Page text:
09.04.2016 - 10.04.2016 50 °F
This morning arrived overcast with some threatening clouds. When I went down to breakfast I walked through a group of pilots discussing this fact and I detected some concern over the weather. There have been times in the past when they elected to stay an extra night to avoid risk, so my first thought was my clean underwear inventory (=0). That quickly morphed to thoughts of my need to update my will. STOP, CAROL!
Obviously, since you are reading this, I’m back on the ground in Sacramento and my will is back in procrastinate mode. It wasn’t the smoothest flight and there were long periods of flying blind through clouds, but these guys know how to do all that, so I just settled into my little cocoon in the back of the flying VW and listened to the ground control and pilot communications and kept my eye on all the various gauges for signs of pilot error – kidding, sort of.
It’s interesting, from the clinic we flew about an hour to Mexicali to officially depart the country. This involves paying an exit fee of $5 and getting your passport stamped while the pilot confers with the officials and files whatever documentation he files. From there, we flew 10 minutes over the border to Calexico to officially re-enter the USA. That was another quickie involving passport scrutiny and an ice cream bar in the lobby. “Lobby” is a very extravagant term for the little room with four chairs and a brochure rack, but it is what it is. From there we flew about three hours to Sacramento. This is a completely different process from what I am used to (i.e. hours in long lines in huge airports) and so much more fun.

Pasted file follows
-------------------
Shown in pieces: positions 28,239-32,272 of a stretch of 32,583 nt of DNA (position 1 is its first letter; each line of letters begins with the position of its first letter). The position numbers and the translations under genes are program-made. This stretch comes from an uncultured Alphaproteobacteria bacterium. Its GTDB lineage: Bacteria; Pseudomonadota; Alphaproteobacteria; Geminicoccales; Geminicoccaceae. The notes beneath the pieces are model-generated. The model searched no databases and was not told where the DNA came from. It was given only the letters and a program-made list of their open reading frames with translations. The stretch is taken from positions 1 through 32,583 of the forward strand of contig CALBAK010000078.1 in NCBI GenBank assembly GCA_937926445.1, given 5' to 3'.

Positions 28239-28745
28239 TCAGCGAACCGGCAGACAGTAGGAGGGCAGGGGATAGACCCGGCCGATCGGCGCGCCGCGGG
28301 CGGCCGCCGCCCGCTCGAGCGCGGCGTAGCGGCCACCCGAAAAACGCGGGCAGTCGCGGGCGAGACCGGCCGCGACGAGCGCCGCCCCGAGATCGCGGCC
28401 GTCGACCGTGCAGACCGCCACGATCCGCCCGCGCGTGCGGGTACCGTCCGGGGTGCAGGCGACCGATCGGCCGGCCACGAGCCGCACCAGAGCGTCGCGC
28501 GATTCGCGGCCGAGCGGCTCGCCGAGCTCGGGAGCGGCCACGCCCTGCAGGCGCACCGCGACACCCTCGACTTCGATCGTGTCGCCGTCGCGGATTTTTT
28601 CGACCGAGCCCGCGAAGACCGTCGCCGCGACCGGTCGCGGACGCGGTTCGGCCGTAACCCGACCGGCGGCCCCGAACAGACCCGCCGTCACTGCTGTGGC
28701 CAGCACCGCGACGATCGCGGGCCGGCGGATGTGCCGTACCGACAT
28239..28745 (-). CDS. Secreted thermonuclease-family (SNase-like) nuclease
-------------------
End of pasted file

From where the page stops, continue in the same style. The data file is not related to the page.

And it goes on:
In between the blind periods, I had a chance to reflect on my experience and I came to the conclusion that I am indeed going back. . . . the sooner the better. If I am going to be of any benefit to the clinic, I need to learn the ropes. I don’t want too much time to pass between my “lessons”, so I will sign up for the May clinic. In the meantime, this little trip was of great benefit to me personally. Of course, it is always beneficial to interact with different people and cultures, but there was more to it than that. I saw first-hand how a bunch of different skill sets can fall into place like choreography to get a job done under less than perfect conditions. I saw delight and gratitude in the eyes of people who received the simplest gift of medical attention when there was nowhere else to go. And I learned a bit about myself in the process. Nothing earth shattering, but I passed my own test of resourcefulness and the ability to play on a team (the last being a sixty-three year challenge for me). I also learned that I really need to get “Learn Spanish” off my bucket list.